Friday, January 12, 2007

Self Promotion #394: The Future of the Intellectual Imperialists is Not Dismal and #395: How to Improve Your Love Life

(links to the previous installments: #393 and #392)

The future of the economics, the dismal science, is not so dismal, according to this article in the New York Times. Here's a quip:
"....economists have been acting a lot like intellectual imperialists in the last decade or so. They have been using their tools — mainly the analysis of enormous piles of data to tease out cause and effect — to examine everything from politics to French wine vintages...."

"...As “The Soulful Science,” a new book by Diane Coyle, puts it, there has been a “remarkable creative renaissance in how economics is addressing the most fundamental questions — and how it is starting to help solve problems.”..."
Well, what is certainly not going to be dismal is the future of the thirteen "Economists to Watch" who were featured in the article. Andrew Leigh of the ANU calls them the young guns, although I think Leigh himself is a young gun, certainly one of the top young economists in the southern hemisphere (check out his academic website).

One of the thirteen on the NYT list is Ben Olken, who has done a number of his studies on Indonesia, and his works on corruption, social capital have been discussed in this Cafe (see the links to those discussions here).

An interesting fact about the list is that out of the thirteen economists on it, six of them are married to each other, a clear example of positive assortative mating (ah, this reminds me to do a post on assortative mating in the future).

Examples of positive assortative mating among economists are indeed abound. For my fellow economists whose partners are not really into utility maximization thing, don't give up just yet. There are ways to do it, which brings us to Self Promotion #395: How to Improve Your Love Life.

From Greg Mankiw's blog:
How to Improve Your Love Live

Having trouble satisfying your girlfriend? A reader of this blog emails me his remedy for the problem:
"...You'll be pleased to know that I managed to persuade my girlfriend (a biologist) to buy a copy of your "Principles of Microeconomics" recently here in the UK, so that we could have more informed discussions about interesting economics problems...."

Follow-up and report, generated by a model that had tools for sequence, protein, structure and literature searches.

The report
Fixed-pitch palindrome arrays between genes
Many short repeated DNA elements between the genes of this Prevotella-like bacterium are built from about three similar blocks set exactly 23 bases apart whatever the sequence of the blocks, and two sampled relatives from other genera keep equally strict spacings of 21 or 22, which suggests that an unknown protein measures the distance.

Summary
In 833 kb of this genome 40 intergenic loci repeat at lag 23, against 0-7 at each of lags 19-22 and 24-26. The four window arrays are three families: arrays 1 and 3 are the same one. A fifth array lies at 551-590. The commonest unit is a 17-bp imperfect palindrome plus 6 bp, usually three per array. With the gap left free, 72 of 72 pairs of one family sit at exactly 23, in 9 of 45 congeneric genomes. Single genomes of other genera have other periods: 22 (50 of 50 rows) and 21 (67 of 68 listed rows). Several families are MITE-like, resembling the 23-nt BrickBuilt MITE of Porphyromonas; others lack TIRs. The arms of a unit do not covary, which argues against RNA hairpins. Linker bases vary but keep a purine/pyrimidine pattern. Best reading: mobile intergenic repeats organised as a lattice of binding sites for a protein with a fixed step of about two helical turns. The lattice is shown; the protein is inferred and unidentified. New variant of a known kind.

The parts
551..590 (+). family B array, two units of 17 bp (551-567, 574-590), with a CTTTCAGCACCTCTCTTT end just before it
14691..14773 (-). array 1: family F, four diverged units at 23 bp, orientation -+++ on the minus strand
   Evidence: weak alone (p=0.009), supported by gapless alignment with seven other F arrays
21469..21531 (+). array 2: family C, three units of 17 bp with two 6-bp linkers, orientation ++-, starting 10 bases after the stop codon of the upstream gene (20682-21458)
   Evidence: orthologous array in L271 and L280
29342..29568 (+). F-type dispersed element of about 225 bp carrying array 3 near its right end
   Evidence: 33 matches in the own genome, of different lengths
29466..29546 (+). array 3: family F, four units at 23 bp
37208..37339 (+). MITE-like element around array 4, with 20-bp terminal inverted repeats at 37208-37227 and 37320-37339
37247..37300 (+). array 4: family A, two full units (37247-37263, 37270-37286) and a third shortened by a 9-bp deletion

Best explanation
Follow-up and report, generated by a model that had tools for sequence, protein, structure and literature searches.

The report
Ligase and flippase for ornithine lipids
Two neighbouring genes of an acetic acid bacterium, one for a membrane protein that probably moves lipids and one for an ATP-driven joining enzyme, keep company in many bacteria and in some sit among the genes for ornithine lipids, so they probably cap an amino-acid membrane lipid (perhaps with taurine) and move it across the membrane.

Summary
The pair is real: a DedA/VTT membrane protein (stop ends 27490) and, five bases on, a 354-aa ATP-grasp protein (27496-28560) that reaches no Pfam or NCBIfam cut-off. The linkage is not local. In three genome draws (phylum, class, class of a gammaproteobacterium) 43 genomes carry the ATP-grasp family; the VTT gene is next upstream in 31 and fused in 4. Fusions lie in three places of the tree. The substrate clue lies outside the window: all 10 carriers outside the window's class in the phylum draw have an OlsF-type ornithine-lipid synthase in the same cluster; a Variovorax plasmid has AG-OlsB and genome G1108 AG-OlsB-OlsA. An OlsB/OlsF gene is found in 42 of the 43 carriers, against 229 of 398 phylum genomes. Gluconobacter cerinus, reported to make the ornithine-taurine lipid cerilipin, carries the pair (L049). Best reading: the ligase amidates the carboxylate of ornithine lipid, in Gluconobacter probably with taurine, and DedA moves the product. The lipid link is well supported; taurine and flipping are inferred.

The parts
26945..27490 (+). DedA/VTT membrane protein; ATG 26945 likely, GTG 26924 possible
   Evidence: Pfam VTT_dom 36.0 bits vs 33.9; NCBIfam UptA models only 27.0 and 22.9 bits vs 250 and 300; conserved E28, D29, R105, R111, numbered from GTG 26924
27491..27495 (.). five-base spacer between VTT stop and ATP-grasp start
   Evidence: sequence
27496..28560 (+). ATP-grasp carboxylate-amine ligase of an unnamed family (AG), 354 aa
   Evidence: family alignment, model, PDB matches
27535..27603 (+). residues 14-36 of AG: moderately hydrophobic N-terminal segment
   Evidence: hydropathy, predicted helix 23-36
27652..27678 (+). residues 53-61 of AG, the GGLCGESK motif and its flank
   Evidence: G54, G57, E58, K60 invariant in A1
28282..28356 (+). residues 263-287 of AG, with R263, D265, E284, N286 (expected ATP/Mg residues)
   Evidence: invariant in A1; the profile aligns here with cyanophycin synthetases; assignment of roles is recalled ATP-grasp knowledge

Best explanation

Okay, that;s probably falls into the category of how not to charm your girl/boyfriend. And see also the following letter from a nerd comment in the blog:
".... I'm tempted to try this with my girlfriend. In time she can work up to Romer and Mas-Colell-Whinston-Green. Until then, our love life just won't be complete...."
Err... Oh well, the future is probably dismal after all.

Update: Arya at On Indonesia and the Economy also has a post about the young guns. According to him (I paraphrased), there isn't enough credit being given to economists whose work are as technically sound as those done by the featured economists, have more practical uses, but on topics less sexier than some of those on the list. I think I agree with him.

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  1. Do anybody know why Levitt and the guy who win bates clark medal (I hope the spell in correct) do not in the list? Are thet too old to be categorized in the young guns?

  2. anon: the list is for untenured only.

    btw, they are all econometricians, aren't they?

  3. Roby, a more common term to all of them is "applied economists" or "empirical economists". The studies many of them are doing fall under the category "applied economics", "applied microeconometrics".

    In fact Karlan, Olken, are probably better known as "development economists", the work they do are somewhat typical of what you see in development economics brown bag seminars in top places these days. In fact the level of econometrics they use are at the level that good applied economists should be comfortable with, not necessarily anything fancy.

    The term "econometricians" is usually reserved for those doing econometric theory.

  4. Yo, Ujang....

    No. 1 economist on my watch list right now is Rafael Correa, the recently-elected president of Ecuador, a left-wing guy ('not a Marxist-left, but a Christian-left'... whatever), a graduate of Univ. of Illinois class 2001(surely his grad years coincided with some of you guys here?;))

    I am definitely interested in seeing how he's going to deal with IMF and the World Bank, with free-trade agreement with Washington, with carving a path different from market-oriented, neo-liberal style economics.